Meanwhile, Lieutenant Colonel Liston, Director of the Bombay Laboratory had prepared a vaccine consisting only of Influenza ‘bacilli’ (250 million) which was issued for use in selected communities. Finally, in December 1918 at a conference of Bacteriology held in Delhi, the constitution of the vaccine was decided upon.
It had the following constitutes: 500 million influenza and hundred million ‘bacilli’ for the first dose, and double this for the second dose. It was prepared at both the above-mentioned Laboratories and at the King’s Institute of Preventive Medicine established in Madras in 1903. The vaccine was distributed free of charge. A different pandemic, a century apart, a different strain of the pathogen, the parallels are incredible. Similar to the Spanish Flu vaccine we have a twin-dose vaccine for COVID-19 and the majority of the world distributing it free of cost.
Public bust, private boom
Over the past weeks, a controversy has erupted over the efficacy of the vaccine candidates, side effects such as deep vein thrombosis ( blood clots), the submission of test data, and the debate between free vaccination versus vaccination at a cost to the vaccinee.
Privatisation of the research and development in the field of immunology has opened doors to conglomerates, and names like Pfizer, Moderna, AstraZeneca, Biocon, Serum Institute of India, Bharat Biotech, and Zeydus Cadila have become household names, and are riding the crest of the COVID-19 wave.
Traditionally, manufacturers were able to sell vaccines to developing countries at a lower cost because they could get a higher price from industrialized countries. But industrialized and developed countries no longer use the same vaccines for communicable epidemics such as polio, yellow fever, or smallpox.
In addition, manufacturers no longer maintain excess production capacity: supply must be equivalent to demand. Finally, with the exception of the hepatitis B vaccine, there is no longer enough competition among suppliers to keep prices down. The key factors that in the past decades have kept vaccine prices relatively low “have evaporated”, and the COVID-19 vaccine boom is here for everyone to enjoy.
India revelled in the unique advantage with Vaccine production restricted mainly to public sector undertakings, prior to 2008. Vaccine prices were low, and the government was able to successfully initiate immunisation programmes such as Small Pox and Polio eradication. In its edition of May 2008, The Lancet, among the world's oldest and best-known peer-reviewed general medical journals, condemned the decisions made by the Government of India in 2008 to suspend the production of some vaccines.
Public-health experts questioned the closure of three major Indian vaccine facilities which produced the bulk of essential vaccines for infants in India including BCG and diphtheria, pertussis, and tetanus (DPT). Licences for the production of vaccines at the three centres -- the Central Research Institute in Kasauli, the Pasteur Institute of India in Coonoor, and the BCG Vaccine Laboratory in Chennai were suspended in 2008. In all fairness to the government of the day, immunisation levels had achieved decades of verifiable success, and there was possibly no need to expend resources into Vaccine development in the absence of a looming threat. Who could have predicted a pandemic on the scale of Covid-19 a dozen years ago? Who would have believed it?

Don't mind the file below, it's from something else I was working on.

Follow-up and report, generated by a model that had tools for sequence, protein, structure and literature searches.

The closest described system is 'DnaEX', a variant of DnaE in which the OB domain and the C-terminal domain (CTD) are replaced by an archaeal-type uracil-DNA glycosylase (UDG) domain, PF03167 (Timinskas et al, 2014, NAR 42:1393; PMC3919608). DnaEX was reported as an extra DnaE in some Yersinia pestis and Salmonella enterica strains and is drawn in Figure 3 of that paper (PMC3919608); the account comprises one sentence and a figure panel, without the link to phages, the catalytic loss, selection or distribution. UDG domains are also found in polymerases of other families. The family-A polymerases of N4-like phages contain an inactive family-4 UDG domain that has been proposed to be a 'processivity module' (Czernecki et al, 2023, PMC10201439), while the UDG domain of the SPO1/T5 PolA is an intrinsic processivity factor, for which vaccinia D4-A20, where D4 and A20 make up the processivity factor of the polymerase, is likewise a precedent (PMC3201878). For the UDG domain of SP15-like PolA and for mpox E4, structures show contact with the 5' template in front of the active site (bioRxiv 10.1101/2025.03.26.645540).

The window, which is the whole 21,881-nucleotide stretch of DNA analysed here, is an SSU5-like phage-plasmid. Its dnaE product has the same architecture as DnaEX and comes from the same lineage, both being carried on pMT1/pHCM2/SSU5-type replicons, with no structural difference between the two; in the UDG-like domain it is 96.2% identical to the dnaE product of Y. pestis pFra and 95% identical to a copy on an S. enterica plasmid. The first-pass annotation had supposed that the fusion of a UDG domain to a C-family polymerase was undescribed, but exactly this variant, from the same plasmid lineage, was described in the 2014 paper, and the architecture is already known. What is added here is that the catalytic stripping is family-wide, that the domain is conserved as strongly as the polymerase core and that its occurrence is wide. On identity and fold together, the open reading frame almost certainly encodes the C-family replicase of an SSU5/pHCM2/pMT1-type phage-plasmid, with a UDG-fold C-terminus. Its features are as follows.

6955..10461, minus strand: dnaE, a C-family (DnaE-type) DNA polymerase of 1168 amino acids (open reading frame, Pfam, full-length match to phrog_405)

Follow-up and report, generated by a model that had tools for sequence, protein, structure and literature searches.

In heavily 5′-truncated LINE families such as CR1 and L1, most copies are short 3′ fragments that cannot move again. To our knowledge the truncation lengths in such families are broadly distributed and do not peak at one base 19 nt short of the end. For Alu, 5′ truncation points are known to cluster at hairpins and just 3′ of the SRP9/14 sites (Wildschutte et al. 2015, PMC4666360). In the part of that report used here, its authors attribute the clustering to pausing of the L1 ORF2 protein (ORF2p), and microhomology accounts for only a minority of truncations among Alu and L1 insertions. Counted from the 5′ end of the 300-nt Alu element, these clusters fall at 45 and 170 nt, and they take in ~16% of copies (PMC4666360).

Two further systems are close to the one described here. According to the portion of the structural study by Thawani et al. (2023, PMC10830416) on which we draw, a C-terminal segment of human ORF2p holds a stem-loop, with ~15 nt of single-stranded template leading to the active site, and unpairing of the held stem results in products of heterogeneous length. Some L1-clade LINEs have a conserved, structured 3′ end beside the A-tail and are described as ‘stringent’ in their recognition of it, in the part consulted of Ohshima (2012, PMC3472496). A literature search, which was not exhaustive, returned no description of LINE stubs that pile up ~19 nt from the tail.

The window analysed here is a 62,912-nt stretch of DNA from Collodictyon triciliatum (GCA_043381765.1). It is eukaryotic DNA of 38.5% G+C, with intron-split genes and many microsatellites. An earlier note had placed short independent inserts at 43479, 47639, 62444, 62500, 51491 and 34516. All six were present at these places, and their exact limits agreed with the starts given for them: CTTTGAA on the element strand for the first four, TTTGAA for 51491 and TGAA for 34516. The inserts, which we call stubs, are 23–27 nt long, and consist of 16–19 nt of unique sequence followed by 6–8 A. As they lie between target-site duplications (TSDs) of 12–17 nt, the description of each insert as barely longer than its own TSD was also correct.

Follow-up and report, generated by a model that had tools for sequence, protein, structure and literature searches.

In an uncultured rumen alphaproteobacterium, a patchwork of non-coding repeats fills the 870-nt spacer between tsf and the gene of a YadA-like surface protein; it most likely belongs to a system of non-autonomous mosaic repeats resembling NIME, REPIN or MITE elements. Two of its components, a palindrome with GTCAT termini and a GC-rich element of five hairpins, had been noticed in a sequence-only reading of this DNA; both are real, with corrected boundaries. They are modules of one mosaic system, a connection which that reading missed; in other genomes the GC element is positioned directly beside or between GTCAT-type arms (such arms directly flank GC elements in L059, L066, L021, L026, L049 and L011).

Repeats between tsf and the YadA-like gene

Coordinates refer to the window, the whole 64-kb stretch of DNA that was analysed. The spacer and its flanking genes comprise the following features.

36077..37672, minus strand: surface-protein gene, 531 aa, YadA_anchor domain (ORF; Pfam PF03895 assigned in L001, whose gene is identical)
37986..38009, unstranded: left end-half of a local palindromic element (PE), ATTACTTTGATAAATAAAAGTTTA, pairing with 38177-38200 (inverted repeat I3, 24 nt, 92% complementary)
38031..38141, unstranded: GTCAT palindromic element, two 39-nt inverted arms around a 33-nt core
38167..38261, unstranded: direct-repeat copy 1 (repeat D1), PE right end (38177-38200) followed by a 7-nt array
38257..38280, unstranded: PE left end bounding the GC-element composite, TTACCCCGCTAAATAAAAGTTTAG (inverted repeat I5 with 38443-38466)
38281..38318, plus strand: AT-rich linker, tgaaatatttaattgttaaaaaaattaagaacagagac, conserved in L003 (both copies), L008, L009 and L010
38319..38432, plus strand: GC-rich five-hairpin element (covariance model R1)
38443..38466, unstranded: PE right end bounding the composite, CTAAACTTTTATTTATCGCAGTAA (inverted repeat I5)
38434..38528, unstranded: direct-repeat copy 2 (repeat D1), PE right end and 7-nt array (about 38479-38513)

Ironically, the commercial boom that private enterprises such as the Serum Institute, Biotech and other private sector companies will now reap from sales of the COVID-19 vaccine, may have been shared in some measure with the public sector institutes that had over a century of experience. Would we have had an exponential production capacity, and no threat of a Vaccine shortage that stares us in the face today, had this been a public-private sector joint effort?
While we may never have the answer to that question, should our private sector manufacturers fall short of the mammoth task of producing the required number of vials or be domineered by commercial motivations, we may still rue the suspension of vaccine production facilities, and ensuing research, at the CRI, Kasauli, Pasteur Institute, and the BCG Vaccine Laboratory.
As we ride the crest of the current COVID-19 wave, we are faced with the challenges of vaccine production, dissemination, and eventual vaccination of nearly a billion people. The journey is just beginning, and the path is strewn with blockades such as lack of faith in the vaccine itself, incomplete data available in the public domain, supply logistics, pricing, and diversion of the vaccine for purposes such as ‘vaccine diplomacy’ and commercial profit, among others. What we must not forget, is that the COVID-19 vaccine is just that, a jab in the arm in our fight against the contagion.
The vaccine syringe is only one of the many arrows in our quiver in the battle against coronavirus, and must not be celebrated as an end to the pandemic.